the cam rotates once and the crankshaft twice during the 4 strokes
07-19-2011 01:16 AM
dkdavenport Found one source that says the cam is at 6 and the crank at 12. which is kinda what i remember, i have had some that were 6 and 6 but i cant remember which moter it was, i think it was a early ford. but it should not matter on the cam to crank timing either way it will still line up once every two revolutions, now just figure out which one is the compression stroke, that would be just after the intake valve closes, and piston reachs TDC that should be firing position for #1 cyl. set dist. in so rotor points dead on # 1 plug terminal. should be close enough to get it to fire, then fine tune.
another issue i have had is with weak coils/grounding, CPS over heating. the CPT try pouring cold water over it and see if it makes a difference. have limped several home that way.
07-19-2011 12:51 AM
dkdavenport The way the cam is ground it will only come up on compression one time during its two revoutions, the way i check is to watch #1 intake valve and when it closes the piston is on its way up when it reaches TDC than all of the marks should line up on the crank and cam, the ballancer will be off some due to the fact they have put some advance in to the ballancer and some times they tend to slip on the rubber band between the crank stub and the outer ring. usualy when i build motors i will use a degree wheel on the crank and a dead stop for tdc, then a dial indicator on the cam lobe to set cam to crank timing, but most stock motors i dont that fussy about a half degree on cam to crank. other than that i would check push rod length, if the block or head has been shaved once it warms up you may have to much push rod length and just holding the valves open just a touch. one other issue i have run into is there are two different flywheels, one for the port injection and one for the throttle body models.
07-18-2011 03:53 AM
pablo4953 Good point on the distributor. It is new, so I had not considered a problem with the pin that would allow the gear to slip. I'll pull it and double check.

One thing that I can't figure out, disregarding the distributor, is why the crank & cam marks won't line up at TDC on the compression stroke of #1 cylinder. If the marks lined up, I could reset the distributor, and should be good.

Before pulling the timing cover I would get #1 at TDC, line up the harmonic balancer to the zero on the timing cover, then position the distributor so the rotor was pointing at the #1 plug wire. At this point the only thing I can't see are the sprocket timing marks. Now that I can see them I can't get everything into alignment.

When I first installed the engine, before putting the timing cover on, I checked everything for alignment, and it was all good. It started great and ran real smooth. I had a problem with power under load, but changed out the crank position sensor, and it ran great until my current problem started happening.

It seems something has changed in the relationship between the crank and the cam, or I am screwing up the procedure at some point.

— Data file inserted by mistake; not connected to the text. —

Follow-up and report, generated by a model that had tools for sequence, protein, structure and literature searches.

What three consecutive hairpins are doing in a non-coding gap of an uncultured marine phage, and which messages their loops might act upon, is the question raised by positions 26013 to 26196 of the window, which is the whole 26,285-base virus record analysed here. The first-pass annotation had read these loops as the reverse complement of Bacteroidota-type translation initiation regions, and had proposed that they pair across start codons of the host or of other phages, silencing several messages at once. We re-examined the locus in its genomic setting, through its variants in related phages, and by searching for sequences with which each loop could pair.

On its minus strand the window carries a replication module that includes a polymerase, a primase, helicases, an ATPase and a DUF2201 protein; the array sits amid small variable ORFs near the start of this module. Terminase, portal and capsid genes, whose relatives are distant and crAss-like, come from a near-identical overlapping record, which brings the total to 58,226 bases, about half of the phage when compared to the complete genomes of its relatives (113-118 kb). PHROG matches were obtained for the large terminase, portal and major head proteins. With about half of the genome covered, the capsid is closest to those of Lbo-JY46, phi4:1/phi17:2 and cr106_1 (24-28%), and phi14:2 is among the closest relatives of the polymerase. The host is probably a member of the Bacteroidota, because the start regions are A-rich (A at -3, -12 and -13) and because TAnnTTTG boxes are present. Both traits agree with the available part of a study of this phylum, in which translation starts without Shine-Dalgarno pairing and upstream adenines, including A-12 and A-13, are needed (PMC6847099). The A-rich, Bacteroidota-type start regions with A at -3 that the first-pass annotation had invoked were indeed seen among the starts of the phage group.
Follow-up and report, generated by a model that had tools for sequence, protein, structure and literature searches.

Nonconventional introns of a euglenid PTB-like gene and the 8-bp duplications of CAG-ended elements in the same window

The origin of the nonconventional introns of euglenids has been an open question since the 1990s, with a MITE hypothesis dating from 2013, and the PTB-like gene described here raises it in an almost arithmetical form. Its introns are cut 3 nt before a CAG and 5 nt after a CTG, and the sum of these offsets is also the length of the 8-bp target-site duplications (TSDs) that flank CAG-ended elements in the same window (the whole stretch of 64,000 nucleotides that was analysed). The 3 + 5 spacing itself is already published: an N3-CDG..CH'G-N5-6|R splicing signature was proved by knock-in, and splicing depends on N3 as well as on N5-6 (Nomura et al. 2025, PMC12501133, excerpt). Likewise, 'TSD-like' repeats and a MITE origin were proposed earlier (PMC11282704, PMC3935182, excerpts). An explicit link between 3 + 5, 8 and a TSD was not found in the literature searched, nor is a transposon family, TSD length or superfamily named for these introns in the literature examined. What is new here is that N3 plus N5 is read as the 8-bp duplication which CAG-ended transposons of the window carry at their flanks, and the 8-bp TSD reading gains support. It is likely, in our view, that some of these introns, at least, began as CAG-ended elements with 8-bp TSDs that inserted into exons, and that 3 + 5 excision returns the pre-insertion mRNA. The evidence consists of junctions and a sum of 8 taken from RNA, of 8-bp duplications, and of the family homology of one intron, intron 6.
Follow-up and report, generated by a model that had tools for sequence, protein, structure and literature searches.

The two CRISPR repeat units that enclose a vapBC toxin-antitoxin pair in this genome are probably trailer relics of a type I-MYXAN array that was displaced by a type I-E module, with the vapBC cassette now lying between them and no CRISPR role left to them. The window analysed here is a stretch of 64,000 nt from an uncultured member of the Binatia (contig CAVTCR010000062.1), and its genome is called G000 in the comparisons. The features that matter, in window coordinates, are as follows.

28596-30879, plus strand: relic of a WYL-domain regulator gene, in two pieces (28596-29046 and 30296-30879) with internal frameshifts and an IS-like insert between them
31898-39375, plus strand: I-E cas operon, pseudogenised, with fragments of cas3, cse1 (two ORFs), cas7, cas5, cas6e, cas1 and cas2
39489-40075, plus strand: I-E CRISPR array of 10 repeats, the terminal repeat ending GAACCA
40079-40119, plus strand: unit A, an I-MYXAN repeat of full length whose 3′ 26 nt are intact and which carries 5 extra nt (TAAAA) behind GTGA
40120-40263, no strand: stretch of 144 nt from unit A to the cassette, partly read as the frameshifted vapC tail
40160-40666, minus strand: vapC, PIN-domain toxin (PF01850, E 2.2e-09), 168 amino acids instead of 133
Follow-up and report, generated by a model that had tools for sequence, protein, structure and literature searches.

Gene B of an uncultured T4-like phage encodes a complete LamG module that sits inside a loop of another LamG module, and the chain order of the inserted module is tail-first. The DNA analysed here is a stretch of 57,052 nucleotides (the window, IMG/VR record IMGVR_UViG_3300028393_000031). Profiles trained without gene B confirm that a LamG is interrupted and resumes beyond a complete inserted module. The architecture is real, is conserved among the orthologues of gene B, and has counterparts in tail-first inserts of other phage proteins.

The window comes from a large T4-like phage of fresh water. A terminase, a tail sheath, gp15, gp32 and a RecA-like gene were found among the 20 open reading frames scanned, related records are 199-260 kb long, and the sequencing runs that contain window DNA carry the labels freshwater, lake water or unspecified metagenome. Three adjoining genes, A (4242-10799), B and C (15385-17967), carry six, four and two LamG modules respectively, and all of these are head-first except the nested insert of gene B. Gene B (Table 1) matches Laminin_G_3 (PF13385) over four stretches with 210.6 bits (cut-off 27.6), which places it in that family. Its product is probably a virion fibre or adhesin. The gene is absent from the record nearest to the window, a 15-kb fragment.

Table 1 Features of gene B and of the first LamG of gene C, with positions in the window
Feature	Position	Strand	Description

Thanks for your help.
07-18-2011 12:52 AM
dkdavenport The cam gear can only go on one way, same as the crank gear, so the cam and crank dots line up every two revolutions which is correct. the 180 deg. would be in the dist. to cam timing. Iam guessing the cam to crank timing is good, the next thing i would check is the dist. pull it and check the roll pin that holds the gear to the shaft, if it is sheared it will cause the timing to be all over the place, and check the cap for cracks, carbon tracing and moisture, all of which can cause miss fires.
07-18-2011 12:04 AM
pablo4953
timing problem??

I recently installed a rebuilt 2.5 in my 93 wrangler 5 speed. I had initial problems that were solved by replacing the cps, and it ran well for about 50 miles. It would be running fine, then kind of go flat and loose power, like I was flipping a switch, then it would pick up and run normal. It did this with more frequency, until finally it would not start.

I thought for sure it was an ignition based problem, and ran the gamet of all possibilties, with no success. It finally got to the point where it was consistently back firing thru the exhaust when cranking the engine. Since I know I had spark & fuel, and I had gone thru the timing procedure at least a dozen times, I decided to pull the timing cover and check my marks.

I am using a compression tester and turning the crank by hand to determine TDC on the #1 cylinder (plus a visual verification of the top of the piston). This is the only position where the #1 cylinder will make compression and hold it.

My problem is...........with the #1 cylinder at TDC, the crank sprocket dot is where it is supposed to be, but the cam sprocket dot is 180 out. When I line up both cam & crank dots, I am at TDC on the exhaust stroke.

Even though I have the Chrysler manual for this Jeep, I am still uncertain how the cam sprocket is keyed to the cam. Something is clearly wrong here, but I am having a hard time getting my head around how to correct it.

Any ideas would be most appreciated.